March 22, 2023

The common good would benefit from more self-interest

The transition of executive and legislative power in the United States from the Republicans under Donald Trump to the Democrats under Joe Biden is more than an exchange of leadership. It is an exchange of one overriding theory with another.

Trump was elected on the back of the populist movement. There were other factors in his 2016 victory, of course, but this was the most consistent message. According to populists, a small class at the top of the economic and social hierarchy organizes everything in the country to its benefit. This group is the “elite,” and it has no concept of the common good, only its own.

Joe Biden, if his own assessment – and that of his advocates – is anything to go by, was elected for his opposition to bigotry, racism, sexism, and the rest. Again, there were many other reasons to vote for Biden, including Trump fatigue, but many of his public statements, proposed appointments, and executive orders point to “white supremacy” as the scourge of the country. For Democrats, it’s not the elites, it’s the whites.

For some Democrats, it is still always and everywhere the Russians, as Hillary Clinton reminded us by speculating that Trump was on the phone with Vladimir Putin as they enjoyed the riot at the U.S. Capitol together.

QAnon believes that a conspiracy of pedophiles can explain everything wrong with the world. Antifa, busy rioting again on the West Coast, blames fascism, which it sees everywhere, even as it adopts fascist practices and tactics, going so far as to adopt Mussolini’s taste in fashion.

The real uniting feature of these theories – call them all conspiracy theories, if you like – is that there is only one enemy. Just like the ads on the internet promising “one simple trick” to cure tinnitus, they offer a simple and simplistic solution.

We can blame social media or the enforced isolation from the lockdowns for the rise of these theories, but they long predate either. The American penchant for “one simple trick” solutions – a temptation of all democratic societies – was the entry point for snake oil salesmen in the 19th century, as it was for demagogues in ancient Greece and Rome. Democratic peoples like simple solutions.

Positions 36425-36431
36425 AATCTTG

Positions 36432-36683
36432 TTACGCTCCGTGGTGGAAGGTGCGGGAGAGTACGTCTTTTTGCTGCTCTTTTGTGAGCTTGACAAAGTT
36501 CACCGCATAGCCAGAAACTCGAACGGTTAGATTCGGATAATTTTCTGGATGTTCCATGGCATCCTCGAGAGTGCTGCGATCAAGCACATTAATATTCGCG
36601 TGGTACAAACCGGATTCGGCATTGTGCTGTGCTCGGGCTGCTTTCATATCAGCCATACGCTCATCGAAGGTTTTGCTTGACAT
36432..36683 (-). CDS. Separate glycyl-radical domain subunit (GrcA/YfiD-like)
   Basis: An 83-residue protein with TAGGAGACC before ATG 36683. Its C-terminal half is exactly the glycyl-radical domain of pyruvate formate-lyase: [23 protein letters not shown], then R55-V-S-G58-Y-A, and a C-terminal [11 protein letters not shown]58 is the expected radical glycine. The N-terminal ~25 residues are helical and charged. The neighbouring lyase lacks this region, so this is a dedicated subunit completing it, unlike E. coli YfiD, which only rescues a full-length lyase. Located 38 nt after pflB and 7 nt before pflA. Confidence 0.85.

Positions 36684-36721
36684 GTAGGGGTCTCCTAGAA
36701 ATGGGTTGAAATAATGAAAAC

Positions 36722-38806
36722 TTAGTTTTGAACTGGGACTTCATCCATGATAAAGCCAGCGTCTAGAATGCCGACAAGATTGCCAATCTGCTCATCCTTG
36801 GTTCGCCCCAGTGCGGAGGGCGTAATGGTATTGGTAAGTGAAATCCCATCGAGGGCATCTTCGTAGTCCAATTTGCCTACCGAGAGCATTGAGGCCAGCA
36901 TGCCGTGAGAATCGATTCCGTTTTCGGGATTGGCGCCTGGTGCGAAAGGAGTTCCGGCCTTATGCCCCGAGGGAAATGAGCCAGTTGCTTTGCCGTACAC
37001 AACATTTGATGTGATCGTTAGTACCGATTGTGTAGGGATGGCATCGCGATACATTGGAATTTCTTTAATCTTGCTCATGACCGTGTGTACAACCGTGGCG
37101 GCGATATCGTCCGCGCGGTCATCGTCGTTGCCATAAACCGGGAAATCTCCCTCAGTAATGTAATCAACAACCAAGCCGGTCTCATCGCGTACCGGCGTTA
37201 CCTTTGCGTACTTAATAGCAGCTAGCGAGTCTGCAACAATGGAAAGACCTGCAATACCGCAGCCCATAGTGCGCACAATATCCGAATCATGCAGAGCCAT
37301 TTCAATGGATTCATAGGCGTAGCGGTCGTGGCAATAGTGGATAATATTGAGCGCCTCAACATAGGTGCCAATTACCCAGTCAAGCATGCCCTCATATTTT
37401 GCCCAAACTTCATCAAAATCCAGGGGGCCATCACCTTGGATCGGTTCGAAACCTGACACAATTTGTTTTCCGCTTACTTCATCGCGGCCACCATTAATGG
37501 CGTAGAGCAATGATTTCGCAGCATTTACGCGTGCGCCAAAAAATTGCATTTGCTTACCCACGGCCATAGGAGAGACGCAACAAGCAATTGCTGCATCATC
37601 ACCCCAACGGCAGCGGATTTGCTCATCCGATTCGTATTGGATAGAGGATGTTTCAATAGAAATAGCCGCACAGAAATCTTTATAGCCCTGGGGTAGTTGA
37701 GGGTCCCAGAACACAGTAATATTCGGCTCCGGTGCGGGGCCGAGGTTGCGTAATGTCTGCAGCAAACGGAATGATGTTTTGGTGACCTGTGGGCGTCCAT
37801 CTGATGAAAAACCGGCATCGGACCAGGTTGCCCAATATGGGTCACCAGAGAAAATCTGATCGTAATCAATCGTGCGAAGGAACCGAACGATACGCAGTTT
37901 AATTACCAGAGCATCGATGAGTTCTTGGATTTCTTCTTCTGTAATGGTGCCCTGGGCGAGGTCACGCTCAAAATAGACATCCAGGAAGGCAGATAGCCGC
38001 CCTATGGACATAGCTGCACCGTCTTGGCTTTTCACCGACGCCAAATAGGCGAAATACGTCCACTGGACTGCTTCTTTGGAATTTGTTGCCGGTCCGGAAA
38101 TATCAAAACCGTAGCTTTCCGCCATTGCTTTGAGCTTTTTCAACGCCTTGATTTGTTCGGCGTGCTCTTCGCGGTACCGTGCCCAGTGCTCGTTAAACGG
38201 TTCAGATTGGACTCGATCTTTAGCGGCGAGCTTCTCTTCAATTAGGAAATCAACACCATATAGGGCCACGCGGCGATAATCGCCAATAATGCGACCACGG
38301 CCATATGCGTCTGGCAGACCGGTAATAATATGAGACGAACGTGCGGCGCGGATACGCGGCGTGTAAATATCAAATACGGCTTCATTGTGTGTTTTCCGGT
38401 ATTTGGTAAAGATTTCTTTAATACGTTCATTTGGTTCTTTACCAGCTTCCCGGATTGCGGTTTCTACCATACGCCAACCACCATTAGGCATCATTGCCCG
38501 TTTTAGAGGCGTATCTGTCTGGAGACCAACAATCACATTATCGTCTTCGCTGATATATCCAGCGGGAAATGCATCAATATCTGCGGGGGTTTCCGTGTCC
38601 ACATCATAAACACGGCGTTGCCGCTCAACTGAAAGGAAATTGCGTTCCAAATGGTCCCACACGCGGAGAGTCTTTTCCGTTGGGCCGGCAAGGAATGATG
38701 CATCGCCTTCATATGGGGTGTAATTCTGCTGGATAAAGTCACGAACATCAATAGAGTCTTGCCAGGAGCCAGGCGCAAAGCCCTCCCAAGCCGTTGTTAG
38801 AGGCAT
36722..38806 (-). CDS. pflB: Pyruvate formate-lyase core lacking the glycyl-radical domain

Alexis de Tocqueville, the 19th-century French politician and commentator on American democracy, observed that one of the effects of an egalitarian society is belief in the equality of intellects: If we are equal, then we must be equally smart. But the world is complicated and difficult to understand – a truth that violates the principle of equality, so to the egalitarian mind it cannot be true. Instead, whatever is to be known must be easy to know. And so, in Tocqueville’s words, the human mind “aspires to be able to link a multitude of consequences to a single cause.”

Blaming elites or whites, pedophiles or fascists provides that simple, single explanation for all the problems of the country. The temptation to succumb to these explanations is built-in. The shame is that we have politicians willing to indulge it.

The country would be better off without any of the injustices that get picked out as the sole concern. A racist society or a democracy lacking legitimacy – let alone both – will collapse into civil war. We are not wrong to be afraid of what people who believe in these theories will do to their enemies. Monomaniacal theorists do not do politics.

Tocqueville thought that Americans kept their democracy from collapsing into chaos because, among other things, they followed the principle of “self-interest well understood.” He was impressed and even amused by the tendency of explaining actions, especially those directed to the common good, as merely self-interested: “They complacently show how the enlightened love of themselves constantly brings them to aid each other.”

Well-understood self-interest would go a long way right now. Storming the Capitol did no good for any Trump supporter. Likewise, the burning and looting at BLM protests will do nothing to improve policing practices in minority communities. Instead, maybe this is a good time for some old-fashioned self-interest.

Rep. Rashida Tlaib and other Democratic members of the House wrote a letter to congressional leaders objecting to moves that would expand federal powers to investigate “domestic terrorism.” They fear that these powers could be used against their own constituents tomorrow, even if they are directed against Trump supporters today. Enthusiastic support in this effort from Republicans might lead them to change their minds, but we need to take our allies where we find them.

Back away from single-cause theories and start trading horses. Do Democrats want to question police practices? Republicans should agree to do so – if Democrats also agree to investigate election practices. This is how politics is done, and everyone benefits from it.

The Senate is evenly split, and the House is close to it. So is the country as a whole. Maybe what the common good needs is a little more self-interest, well understood.

This article was originally published on The common good would benefit from more self-interest

Sydney Boles